As someone residing near Sandy’s Shermanesqe march through NJ, I am glad that TvB’s offices were spared the worst. One lesson many of us learned is that wireless service tends not be as disrupted as communications based on wires strung across wooden poles. Though if you lived in lower Manhattan you may have experienced just the opposite.
As Comcast users, we lost service on Tuesday and saw somewhat spotty connectivity the rest of the week. We were forced to link our laptops to our Droids, using them as wireless modems. Silly me: I was suckered into signing up for Verizon’s $20 per month tethering tithe. Then I learned about this carrier’s C block rule violation and the $1.25 million fine the FCC levied on them for forcing app stores to pull tethering apps from their shelves.
So don’t pay the fee, and try out Easy Tether from Google Play. A longer installation process than the Verizon variant, but worth the effort.
Anyway … on Tuesday, the FCC informed the public that 25% of cell phone towers in the affected areas were down. In Manhattan below 14th Street, wireless service was even more precarious. People I managed to contact in NYC told me they were lucky to achieve any kind of voice-based connection. Emails and SMS were far more likely to get though. I suspect traditional self-powered analog land lines may have fared better, but I’m willing to be proven wrong.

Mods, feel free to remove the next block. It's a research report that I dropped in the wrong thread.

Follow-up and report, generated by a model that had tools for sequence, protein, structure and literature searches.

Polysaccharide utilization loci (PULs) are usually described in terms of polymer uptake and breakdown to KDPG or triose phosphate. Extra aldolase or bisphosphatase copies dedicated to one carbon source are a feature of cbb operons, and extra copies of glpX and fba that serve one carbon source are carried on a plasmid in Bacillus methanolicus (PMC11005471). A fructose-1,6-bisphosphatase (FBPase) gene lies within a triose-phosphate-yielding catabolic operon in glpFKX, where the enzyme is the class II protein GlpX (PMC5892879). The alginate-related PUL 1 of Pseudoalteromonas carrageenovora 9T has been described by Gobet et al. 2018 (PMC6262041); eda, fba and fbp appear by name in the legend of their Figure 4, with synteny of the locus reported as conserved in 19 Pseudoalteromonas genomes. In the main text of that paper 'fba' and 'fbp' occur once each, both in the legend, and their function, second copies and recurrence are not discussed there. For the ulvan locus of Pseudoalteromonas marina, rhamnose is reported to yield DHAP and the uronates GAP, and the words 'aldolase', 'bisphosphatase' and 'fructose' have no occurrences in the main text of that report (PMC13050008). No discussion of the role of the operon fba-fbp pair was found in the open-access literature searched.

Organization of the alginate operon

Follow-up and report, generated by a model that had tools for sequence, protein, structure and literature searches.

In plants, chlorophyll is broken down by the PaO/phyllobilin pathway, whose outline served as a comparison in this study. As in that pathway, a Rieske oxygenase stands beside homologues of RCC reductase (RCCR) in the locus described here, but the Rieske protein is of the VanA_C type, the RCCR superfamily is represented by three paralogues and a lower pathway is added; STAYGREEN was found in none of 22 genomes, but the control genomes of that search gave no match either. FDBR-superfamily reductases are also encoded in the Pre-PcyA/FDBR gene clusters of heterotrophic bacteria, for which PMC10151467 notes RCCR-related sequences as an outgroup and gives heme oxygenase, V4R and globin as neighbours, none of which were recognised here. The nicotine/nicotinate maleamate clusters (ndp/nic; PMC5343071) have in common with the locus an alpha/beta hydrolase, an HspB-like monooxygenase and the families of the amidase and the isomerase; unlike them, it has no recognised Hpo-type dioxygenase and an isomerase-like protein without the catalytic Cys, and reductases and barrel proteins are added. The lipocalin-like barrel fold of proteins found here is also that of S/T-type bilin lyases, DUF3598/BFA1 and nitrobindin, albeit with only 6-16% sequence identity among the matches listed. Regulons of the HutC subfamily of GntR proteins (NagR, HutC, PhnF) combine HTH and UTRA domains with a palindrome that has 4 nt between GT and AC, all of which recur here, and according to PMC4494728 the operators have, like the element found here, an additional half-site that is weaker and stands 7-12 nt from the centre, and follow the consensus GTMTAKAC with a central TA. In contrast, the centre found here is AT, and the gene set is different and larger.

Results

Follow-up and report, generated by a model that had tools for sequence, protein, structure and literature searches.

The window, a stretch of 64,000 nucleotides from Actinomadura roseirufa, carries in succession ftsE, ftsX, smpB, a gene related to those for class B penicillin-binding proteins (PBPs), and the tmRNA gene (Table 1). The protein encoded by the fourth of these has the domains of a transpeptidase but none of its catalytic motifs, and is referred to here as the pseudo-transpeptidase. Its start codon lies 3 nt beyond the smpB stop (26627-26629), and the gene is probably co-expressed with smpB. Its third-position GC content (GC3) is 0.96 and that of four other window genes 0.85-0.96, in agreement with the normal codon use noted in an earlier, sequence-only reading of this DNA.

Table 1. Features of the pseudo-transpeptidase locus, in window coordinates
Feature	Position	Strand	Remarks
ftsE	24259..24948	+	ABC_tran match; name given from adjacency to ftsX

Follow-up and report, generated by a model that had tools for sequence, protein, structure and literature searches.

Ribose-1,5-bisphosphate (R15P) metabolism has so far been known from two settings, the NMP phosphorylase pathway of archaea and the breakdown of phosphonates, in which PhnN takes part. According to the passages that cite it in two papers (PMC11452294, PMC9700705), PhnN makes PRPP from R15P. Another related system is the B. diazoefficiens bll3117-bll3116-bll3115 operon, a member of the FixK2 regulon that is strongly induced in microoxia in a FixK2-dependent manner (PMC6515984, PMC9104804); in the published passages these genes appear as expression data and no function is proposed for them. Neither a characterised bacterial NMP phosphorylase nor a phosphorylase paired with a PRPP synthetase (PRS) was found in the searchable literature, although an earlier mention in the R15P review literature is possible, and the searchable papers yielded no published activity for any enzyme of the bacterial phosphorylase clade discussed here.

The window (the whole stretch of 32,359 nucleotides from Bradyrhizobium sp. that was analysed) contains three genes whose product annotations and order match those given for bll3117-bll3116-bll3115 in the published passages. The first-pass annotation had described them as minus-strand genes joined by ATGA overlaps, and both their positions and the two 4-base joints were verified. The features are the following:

Wireless service has since improved according to the FCC. On Friday they announced that just 15% of cell towers were out in the 146 affected counties. And cable coverage was severed in 17% of those counties.
So how is the FCC figuring all this out about the carriers’ cell towers and cabling conditions? Their Disaster Information Reporting System or DIRS was activated before the storm. The “System” is actually a web app in which wired and wireless carriers–voluntarily, by the way– enter the status of their switches and current 911 service capabilities.
It’s a great idea, and in exchange for providing these updates, carriers get FCC help in securing generators and fuel–not an inconsiderable benefit during a crisis, especially one in which you see long lines of cars radiating from the few functioning gas stations.
In the FCC spirit of just revealing bits and pieces from their trove of carrier data, the full DIRS information collected for Sandy is under lock and key for “national security” reasons.
So don’t expect to see a post-storm FCC open gov initiative with cool interactive maps showing the changing shape of the storm-ravaged coverage zones. We’ll just have to settle for press releases sprinkled with a few stats.